Best Grow Lights For Carnivorous Plants Leave a comment

Here at Goldleaf Hydro, we regularly get a ton of phone calls and emails from growers just looking for a real person to talk to with some firsthand knowledge who is willing to take the time to share that information. We often remark how our responses to typical customer emails could easily serve as blog posts, so we thought, “What the heck?” and did just that. This post is a real conversation between Goldleaf co-founder Kyle Billman and one of our customers. Hopefully you’ll also benefit from the answers given, and if you have your own curiosities about plants or any form of growing, feel free to email for your own individualized response. We’d love to show you how much we love providing personal customer service and even make some product recommendations to suit your needs. Maybe you have questions like this customer:


—–Original Message—–

From: [First-name]

Sent: Friday, May 15, 2020 2:04 PM

To: Goldleaf Hydro Customer Service <>

Subject: goldleaf “”

From: Thomas <email address removed>


Message Body:


The below is copied from an article in the Carnivorous PLant Newsletter, on growing Venus fly traps. I’m wondering what I would  purchase to match the specs.

“The plants need at least 15,000 Lux of white LED light for about 14 hours a day. The plants will  grow  even  better  with  25,000  Lux.  This  much  light  requires  20  to  30  W  of  white  LEDs  per  30 cm diameter of growing area. In the house I only use 3000K, 90+ color rendering index LEDs because of the enhanced deep red to better match the chlorophyll absorption spectrum. To me the plants look best under these lights as well. This is a lot of light. The plants need that much light to grow well. It is hard to get that much light from fluorescent lights without having heat issues. In the garage I use a mix of white LEDs and purple LED plant lights. You need the white light because you cannot see the purple light very well in spite of the fact it is very intense. Because of different designs of purple plant lights, the ratio of blue, red, and white light, and the difficulty measuring the 180Carnivorous Plant Newsletteramount of light, I do not know what to recommend. Also, you have to be careful of manufacturers advertising “watt-equivalents” instead of actual watts”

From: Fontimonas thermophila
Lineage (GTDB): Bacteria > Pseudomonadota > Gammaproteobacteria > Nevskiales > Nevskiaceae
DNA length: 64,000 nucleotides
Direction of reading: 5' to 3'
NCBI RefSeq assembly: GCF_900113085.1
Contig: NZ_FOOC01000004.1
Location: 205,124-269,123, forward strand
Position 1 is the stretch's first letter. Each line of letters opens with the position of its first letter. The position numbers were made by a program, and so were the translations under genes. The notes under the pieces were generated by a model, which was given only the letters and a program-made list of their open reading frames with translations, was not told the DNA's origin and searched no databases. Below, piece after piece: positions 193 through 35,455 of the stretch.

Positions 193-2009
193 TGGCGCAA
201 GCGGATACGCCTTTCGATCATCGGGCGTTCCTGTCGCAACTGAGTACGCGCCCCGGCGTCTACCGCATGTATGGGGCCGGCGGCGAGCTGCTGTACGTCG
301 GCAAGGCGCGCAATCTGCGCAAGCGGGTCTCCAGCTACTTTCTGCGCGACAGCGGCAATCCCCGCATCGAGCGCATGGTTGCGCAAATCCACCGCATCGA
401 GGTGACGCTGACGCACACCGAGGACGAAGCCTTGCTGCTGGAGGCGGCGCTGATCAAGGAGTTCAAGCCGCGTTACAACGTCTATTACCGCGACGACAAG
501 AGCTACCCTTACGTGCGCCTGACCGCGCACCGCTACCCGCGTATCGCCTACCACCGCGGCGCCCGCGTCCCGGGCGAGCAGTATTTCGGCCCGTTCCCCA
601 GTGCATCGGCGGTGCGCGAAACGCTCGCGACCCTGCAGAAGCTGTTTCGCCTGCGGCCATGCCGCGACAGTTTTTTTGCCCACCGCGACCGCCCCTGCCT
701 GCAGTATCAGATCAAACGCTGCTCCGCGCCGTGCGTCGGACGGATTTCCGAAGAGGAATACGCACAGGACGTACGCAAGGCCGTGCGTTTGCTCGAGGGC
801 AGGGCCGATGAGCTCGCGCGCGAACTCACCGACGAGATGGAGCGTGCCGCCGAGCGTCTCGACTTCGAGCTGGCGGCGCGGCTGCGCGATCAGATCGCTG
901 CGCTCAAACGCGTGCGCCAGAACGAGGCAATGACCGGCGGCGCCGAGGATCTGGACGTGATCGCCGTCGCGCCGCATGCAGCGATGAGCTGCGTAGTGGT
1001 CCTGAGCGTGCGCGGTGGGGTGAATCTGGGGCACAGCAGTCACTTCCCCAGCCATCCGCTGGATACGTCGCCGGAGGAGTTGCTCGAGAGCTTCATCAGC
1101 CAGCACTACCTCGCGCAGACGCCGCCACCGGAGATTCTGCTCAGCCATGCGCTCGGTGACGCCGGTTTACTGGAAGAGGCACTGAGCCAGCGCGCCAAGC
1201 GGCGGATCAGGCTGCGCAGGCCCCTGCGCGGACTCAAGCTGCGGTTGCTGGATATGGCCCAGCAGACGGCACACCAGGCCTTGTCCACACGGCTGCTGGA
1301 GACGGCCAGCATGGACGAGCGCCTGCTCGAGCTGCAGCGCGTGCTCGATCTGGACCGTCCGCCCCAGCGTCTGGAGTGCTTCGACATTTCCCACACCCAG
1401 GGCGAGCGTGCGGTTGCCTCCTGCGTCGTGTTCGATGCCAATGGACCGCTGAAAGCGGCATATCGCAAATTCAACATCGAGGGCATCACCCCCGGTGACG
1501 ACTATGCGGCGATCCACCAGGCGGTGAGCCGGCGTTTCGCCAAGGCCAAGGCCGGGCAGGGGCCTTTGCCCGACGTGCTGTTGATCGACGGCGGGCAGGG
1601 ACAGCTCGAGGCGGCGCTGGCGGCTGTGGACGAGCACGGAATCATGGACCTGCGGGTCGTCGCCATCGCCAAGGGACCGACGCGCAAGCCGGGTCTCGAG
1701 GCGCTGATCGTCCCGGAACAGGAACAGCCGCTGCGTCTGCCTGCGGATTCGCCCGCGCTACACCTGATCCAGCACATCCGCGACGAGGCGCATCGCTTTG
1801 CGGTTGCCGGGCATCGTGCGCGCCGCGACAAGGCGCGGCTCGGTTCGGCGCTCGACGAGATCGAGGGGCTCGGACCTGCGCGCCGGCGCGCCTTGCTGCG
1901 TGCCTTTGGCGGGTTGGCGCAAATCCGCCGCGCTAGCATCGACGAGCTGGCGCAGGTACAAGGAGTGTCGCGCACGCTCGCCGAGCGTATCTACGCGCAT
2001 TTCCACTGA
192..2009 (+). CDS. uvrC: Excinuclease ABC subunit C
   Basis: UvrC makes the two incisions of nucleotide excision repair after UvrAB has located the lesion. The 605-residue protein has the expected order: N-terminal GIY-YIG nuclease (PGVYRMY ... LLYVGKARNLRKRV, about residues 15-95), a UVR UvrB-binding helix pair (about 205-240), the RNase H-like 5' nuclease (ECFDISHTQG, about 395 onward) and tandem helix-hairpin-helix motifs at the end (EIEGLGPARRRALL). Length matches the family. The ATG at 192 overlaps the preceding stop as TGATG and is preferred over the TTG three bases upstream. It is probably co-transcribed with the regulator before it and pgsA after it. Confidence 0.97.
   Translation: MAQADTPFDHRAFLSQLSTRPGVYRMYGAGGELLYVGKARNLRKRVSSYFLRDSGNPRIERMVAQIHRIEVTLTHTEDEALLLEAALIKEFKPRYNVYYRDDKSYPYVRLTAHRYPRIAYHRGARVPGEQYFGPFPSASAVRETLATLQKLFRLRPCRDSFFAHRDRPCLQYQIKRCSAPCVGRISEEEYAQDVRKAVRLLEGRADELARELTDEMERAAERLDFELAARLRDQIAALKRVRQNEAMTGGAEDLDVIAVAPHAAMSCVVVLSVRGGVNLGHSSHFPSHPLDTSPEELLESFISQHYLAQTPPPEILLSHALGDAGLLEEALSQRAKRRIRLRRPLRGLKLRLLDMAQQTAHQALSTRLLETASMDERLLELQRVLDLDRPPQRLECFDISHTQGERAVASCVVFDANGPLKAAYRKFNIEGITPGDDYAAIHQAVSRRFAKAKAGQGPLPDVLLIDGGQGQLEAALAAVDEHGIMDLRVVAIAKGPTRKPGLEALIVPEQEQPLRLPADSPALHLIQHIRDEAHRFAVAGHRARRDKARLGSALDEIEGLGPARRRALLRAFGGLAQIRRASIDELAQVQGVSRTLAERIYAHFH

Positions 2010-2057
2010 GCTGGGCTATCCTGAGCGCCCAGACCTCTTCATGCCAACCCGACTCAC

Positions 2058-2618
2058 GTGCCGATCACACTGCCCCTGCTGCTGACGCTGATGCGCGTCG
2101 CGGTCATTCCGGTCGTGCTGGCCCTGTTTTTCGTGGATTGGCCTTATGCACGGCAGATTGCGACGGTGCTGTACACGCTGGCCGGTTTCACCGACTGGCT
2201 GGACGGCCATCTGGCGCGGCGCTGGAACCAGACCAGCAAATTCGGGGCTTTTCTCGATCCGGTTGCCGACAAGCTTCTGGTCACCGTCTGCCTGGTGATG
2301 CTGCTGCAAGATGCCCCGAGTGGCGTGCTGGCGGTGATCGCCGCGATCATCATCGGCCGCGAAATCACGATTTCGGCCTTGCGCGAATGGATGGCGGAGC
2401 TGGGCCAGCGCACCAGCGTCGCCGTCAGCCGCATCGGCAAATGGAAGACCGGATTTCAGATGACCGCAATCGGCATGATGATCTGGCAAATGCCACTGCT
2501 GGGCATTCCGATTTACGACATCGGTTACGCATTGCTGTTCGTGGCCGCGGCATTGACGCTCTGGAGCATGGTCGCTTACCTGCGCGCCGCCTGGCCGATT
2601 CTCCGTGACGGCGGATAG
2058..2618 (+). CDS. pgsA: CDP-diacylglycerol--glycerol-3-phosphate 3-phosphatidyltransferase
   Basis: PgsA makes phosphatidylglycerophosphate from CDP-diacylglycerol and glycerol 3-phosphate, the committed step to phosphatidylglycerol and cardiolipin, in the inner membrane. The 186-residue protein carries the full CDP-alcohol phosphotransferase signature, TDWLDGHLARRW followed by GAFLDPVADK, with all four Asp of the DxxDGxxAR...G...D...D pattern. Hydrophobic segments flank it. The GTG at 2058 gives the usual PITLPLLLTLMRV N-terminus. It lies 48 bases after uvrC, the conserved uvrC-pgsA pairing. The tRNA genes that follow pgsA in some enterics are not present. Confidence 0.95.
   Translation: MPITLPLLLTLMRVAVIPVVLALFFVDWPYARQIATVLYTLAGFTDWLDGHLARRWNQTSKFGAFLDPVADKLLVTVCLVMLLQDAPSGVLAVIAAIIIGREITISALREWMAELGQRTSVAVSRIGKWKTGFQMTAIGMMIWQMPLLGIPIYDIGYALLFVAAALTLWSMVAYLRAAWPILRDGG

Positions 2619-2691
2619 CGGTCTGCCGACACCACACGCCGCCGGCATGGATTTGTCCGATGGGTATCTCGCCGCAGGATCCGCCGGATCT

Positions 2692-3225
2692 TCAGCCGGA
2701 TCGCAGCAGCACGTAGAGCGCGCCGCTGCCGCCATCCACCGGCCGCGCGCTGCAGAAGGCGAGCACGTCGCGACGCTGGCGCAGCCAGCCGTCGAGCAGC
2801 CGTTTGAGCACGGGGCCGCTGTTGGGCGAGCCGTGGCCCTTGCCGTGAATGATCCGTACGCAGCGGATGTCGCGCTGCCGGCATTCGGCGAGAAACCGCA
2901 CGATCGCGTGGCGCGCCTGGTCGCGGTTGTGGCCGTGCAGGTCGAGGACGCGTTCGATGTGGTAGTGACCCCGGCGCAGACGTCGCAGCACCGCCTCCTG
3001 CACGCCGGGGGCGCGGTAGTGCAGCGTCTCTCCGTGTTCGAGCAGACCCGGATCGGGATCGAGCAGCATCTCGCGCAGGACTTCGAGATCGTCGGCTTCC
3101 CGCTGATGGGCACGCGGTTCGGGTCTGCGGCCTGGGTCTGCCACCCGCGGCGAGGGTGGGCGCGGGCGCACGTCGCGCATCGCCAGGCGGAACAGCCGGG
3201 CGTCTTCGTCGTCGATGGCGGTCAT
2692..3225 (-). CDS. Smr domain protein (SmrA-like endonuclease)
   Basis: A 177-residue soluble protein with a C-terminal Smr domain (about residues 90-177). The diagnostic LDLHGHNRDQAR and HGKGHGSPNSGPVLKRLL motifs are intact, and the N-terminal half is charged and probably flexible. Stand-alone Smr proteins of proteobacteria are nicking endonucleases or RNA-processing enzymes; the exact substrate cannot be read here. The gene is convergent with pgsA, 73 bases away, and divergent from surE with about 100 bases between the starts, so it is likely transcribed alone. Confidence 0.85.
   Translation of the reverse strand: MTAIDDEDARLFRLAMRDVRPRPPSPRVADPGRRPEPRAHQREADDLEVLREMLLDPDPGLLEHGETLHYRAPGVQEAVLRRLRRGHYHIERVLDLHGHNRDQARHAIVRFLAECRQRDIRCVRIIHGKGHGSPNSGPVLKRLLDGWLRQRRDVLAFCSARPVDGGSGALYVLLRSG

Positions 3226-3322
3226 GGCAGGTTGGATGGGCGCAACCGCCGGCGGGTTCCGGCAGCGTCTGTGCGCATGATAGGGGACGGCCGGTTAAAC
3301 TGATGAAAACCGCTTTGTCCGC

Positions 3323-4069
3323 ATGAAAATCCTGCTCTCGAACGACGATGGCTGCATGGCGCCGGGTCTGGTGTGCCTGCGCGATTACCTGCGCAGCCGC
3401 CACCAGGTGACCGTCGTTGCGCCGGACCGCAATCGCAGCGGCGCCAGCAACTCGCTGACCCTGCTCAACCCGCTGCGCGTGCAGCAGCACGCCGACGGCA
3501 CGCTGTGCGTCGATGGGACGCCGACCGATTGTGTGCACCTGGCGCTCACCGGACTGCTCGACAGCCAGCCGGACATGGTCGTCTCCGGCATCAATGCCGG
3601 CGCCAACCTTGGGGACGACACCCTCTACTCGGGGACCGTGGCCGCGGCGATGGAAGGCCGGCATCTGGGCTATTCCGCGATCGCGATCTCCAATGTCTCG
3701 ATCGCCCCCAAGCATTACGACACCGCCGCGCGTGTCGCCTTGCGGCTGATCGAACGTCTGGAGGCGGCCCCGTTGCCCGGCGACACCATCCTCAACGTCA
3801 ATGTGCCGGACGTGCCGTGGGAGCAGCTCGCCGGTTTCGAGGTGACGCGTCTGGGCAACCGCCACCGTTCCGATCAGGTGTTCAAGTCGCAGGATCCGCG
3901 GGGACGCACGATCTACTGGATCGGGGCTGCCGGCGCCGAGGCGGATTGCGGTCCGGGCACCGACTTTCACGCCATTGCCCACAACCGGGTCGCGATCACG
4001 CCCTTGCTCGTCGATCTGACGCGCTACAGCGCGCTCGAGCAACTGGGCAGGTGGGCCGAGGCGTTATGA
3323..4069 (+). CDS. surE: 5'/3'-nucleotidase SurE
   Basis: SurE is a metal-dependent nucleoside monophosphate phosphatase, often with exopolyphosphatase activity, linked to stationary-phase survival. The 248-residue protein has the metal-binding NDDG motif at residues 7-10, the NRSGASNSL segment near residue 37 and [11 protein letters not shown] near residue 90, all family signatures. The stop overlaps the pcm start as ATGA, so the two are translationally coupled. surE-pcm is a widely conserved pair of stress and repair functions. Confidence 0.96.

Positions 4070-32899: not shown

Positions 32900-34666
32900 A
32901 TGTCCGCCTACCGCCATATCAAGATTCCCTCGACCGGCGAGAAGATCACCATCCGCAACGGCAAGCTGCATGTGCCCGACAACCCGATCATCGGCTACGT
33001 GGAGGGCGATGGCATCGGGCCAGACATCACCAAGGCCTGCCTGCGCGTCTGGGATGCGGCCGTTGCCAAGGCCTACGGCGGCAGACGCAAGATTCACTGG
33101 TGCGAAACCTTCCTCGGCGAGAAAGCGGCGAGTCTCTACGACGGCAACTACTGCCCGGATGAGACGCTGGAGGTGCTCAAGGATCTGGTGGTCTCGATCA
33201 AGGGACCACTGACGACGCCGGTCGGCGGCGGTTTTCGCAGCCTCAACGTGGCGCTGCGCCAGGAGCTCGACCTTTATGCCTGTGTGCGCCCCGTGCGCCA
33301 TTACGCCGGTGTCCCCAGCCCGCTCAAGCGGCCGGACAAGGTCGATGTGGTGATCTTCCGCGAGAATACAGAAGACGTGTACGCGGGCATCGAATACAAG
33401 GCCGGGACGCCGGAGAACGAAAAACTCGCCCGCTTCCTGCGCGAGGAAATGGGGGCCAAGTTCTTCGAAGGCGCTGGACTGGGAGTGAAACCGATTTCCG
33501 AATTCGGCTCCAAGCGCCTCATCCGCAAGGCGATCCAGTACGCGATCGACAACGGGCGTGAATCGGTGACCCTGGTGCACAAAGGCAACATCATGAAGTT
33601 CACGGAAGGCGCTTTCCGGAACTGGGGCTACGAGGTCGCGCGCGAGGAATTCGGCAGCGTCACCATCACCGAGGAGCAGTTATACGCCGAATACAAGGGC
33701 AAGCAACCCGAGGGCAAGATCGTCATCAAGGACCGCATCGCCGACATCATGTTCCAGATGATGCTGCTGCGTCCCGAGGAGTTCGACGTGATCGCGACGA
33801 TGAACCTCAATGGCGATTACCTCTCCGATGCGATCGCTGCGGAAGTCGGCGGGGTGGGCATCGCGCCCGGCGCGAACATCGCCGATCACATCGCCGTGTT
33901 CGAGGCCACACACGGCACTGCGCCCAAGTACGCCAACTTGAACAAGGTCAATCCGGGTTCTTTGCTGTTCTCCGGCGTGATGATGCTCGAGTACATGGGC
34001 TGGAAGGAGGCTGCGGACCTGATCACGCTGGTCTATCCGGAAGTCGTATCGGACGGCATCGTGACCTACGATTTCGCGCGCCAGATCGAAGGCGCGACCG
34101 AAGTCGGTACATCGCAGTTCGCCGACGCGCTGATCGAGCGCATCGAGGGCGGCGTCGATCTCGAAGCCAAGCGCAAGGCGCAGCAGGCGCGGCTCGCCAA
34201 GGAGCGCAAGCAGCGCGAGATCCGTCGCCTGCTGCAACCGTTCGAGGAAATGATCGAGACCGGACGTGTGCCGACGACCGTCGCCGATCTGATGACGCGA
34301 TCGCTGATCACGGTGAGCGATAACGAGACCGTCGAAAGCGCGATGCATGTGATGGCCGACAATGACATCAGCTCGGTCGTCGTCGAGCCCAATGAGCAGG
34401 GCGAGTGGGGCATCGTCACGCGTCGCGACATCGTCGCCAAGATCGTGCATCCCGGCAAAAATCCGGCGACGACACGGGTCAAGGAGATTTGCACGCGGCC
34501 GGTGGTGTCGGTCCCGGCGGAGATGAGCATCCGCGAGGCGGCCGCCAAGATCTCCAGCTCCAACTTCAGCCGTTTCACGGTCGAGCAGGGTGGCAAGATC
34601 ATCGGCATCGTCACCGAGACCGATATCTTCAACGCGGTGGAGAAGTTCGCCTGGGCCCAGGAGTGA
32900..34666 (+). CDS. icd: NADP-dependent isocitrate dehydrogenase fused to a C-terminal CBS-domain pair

Here’s our actual email response, now in convenient blog form:


Hello Thomas,

Thanks for writing. I have kept succulents and carnivorous plants for many years under grow lights. I have personally observed that these plants benefit from the red end of the spectrum as your other source suggested. I have also noticed they really seem to like the purple LEDs more than other leafy plants (I’ve basically moved away from purple LEDs otherwise).

What footprint/grow area are you looking to illuminate? While it is true that fluorescents convert a little more energy into heat, they are still a wonderful economic way to start with grow lights. Our HO (high output) T5 fluorescent fixtures come with “grow tubes” (blue spectrum for vegetative growth), but you can easily swap these for “bloom tubes” (red spectrum for flowering growth or in this case succulents and carnivorous plants). Two foot tubes are about $7.75 each, and four foot tubes are $12.95 each. The fixtures range from $30-300, but you’ll probably need something in the $100-200 range if you want to grow a 2’x2′ to 2’x’4′ footprint with good intensity. Our T5 fixtures also accept LED upgrade tubes which we sell for $25-30 each. I use these over some of my most prized specimen as a matter of fact.

Our T5 fluorescent fixtures:

Our T5 LED replacement tubes:

Our Hortilux PowerVEG T5 upgrade tubes:

Our go-to purple LEDs:

This would be the most solid LED option:

I can assure you that you’ll have phenomenal growth under any of the above options. I have been growing indoors under lights for about 15 years and have never worried about lumens per square inch or anything like that. It is definitely helpful for reference or comparison, but there are so many ways to quantify light for plants (PAR, CRI, McCree Curve, photon flux, lumens, lux, etc.), sometimes it confuses things more than it helps.

Fluorescent lights need about 4-8 tubes for serious production (1-tube and 2-tube fixtures are for low light requirements). Fluorescent lights only cover an area as big as the footprint of the fixture and only penetrate about 12″ for a dense canopy or several feet for looser growth. LEDs can be placed further from the canopy and proper fixtures can cover quite large areas. Then you’ve got 400W, 600W, and 1000W HID lamps (high pressure sodium, metal halide) that cover 3’x3′, 4’x4′, and 5’x5′ areas respectively. Those are the biggest baddest lights for serious indoor growing and heavy yields.

I hope that helps! Feel free to circle back with more questions.

Thanks and have a great day,

Kyle Billman

Owner, Founder

Goldleaf Hydroponics, LLC


6520 South Empire Road

Bloomington, IN 47401

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